Yea, we should have asked if you had configured any firewalls on your local system.  That certainly makes a difference, eh?

    FE
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    Author Comment

    by:deltacadd
    Is the router firewall enough to stop you-know-whos from hacking into my system? The local system is not in the DMZ. And yes, even my linux box had the default firewall turned on. One more thing, I tried everything with the Windows Firewall turned off but it was still not working until I did whatever I mentioned earlier. Any ideas why?
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    by:Fatal_Exception
    The router firewall is your perimeter firewall, and should be sufficient to stop attacks from outside your LAN.  Software firewalls take up system resources, so that is the only concern I have with them.  If you server has sufficient resources (CPU/RAM, etc..) I advise you to keep running your SP2 Firewall.  Although I am running 2003 Server, I still enable both my perimeter firewall and my Windows based firewall, just in case.

    Another way to do this is to put your server in a DMZ, but if this is your production system, that may not be an option...

    Not sure about why the firewall needed to be setup instead of disabled.  Perhaps the Security Service needs to be stopped also..??  Have to think about that a while.

    FE
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    by:JonSh
    Fatal, I have to completely disagree.  The software firewall doesn't add anything of any value, so why run it?  Now, there are two cases in which I like software firewalls.  When you share a lan with bozos whose security is lame, then yes, I use a personal software firewall.  The other exception is a software firewall that also screens outgoing traffic.  That has value and I can see using them (allthough I don't).
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    by:Fatal_Exception
    Gotta love a debate..!!  :)  The software firewall is considered the second line of defense.  In every seminar that I have attended over the past year, administrators and presenters are in agreement that the windows firewall is well worth running in the LAN.  I too agree with them on that point.  It takes up little resources (not like ZoneAlarm or the like that monitor traffic both directions) and provides that extra layer of security.  With the addition of SP2, it is much more configurable, therefore adding the functionality that was needed.

    Anyway, it is really a matter of how secure you really want your server.  

    FE
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    by:JonSh
    Well, my viewpoint is that if I need a second layer of protection, I've done a poor job with the outer layer.  I guess the theory is that the interior firewall will protect you from misuse from the LAN...but when it's a 3 machine lan??  I don't like giving up *any* extra cycles :)


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    by:Fatal_Exception
    :)  from an experience Performance Master..!!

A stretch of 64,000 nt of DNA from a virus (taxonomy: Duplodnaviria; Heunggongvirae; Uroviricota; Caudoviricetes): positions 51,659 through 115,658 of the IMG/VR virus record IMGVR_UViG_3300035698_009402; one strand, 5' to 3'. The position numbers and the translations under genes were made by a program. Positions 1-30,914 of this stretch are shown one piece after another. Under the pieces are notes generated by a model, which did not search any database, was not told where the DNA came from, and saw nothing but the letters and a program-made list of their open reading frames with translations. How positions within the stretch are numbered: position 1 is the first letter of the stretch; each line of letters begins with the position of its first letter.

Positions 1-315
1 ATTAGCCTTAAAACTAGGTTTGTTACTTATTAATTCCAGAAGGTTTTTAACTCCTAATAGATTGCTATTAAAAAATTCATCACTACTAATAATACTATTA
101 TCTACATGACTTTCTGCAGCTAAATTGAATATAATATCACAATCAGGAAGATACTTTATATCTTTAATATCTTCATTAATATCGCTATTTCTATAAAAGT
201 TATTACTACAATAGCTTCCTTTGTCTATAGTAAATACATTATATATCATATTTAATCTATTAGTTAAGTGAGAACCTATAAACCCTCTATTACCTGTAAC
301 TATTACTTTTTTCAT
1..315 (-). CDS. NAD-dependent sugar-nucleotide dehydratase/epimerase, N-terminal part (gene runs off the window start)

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    by:JonSh
    LOL :)..okay, I'll pipe down :)
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    by:Fatal_Exception
    Naw, debate is healthy, and everyone's viewpoints are always welcome.!!  Until just this year, I would have agreed completely with you, but speakers like Mark Minasi and a few others changed my mind..  But then again, I am looking at larger networks, not just the small LAN we are viewing here..  :)
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    by:JonSh
    Absolutely - in a large corporate LAN, I'd agree with you.  Every opportunity to put up a block, you put one up.  But in the small LAN with one way in and all the machines are yours, nah....the world is completely trusted, so there is nothing a 2nd firewall buys you except a slower server.

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    by:deltacadd
    So according to one I should take down the Windows firewall and according to the other I can retain it as a second line of defense. I tend to agree with the latter, since I am a complete noob to the server arena and in this case too much is never enough, right? I am already seeing some attempts on my FTP port and it is not even 48 hours since I got my site running! I am now reading up on Intrusion Detection (just my geekiness coming to the fore, I guess), not that my site offers anything worthwhile for all and sundry but just for the heck of it.

    Another wall never hurt anyone but as JonSh says if all my other systems are on an internal LAN then the worth is questionable. As far as CPU cycles go, I guess I have some to spare on the server since it is not doing anything else except running as Internet server. My production server is safely (I hope) sitting isolated and not connected to the Internet, only to my LAN.

    Good to see a debate though. Thanks guys, for all your views.
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    by:Fatal_Exception
    You are welcome... and best of luck..  Better safe than sorry, eh?

    FE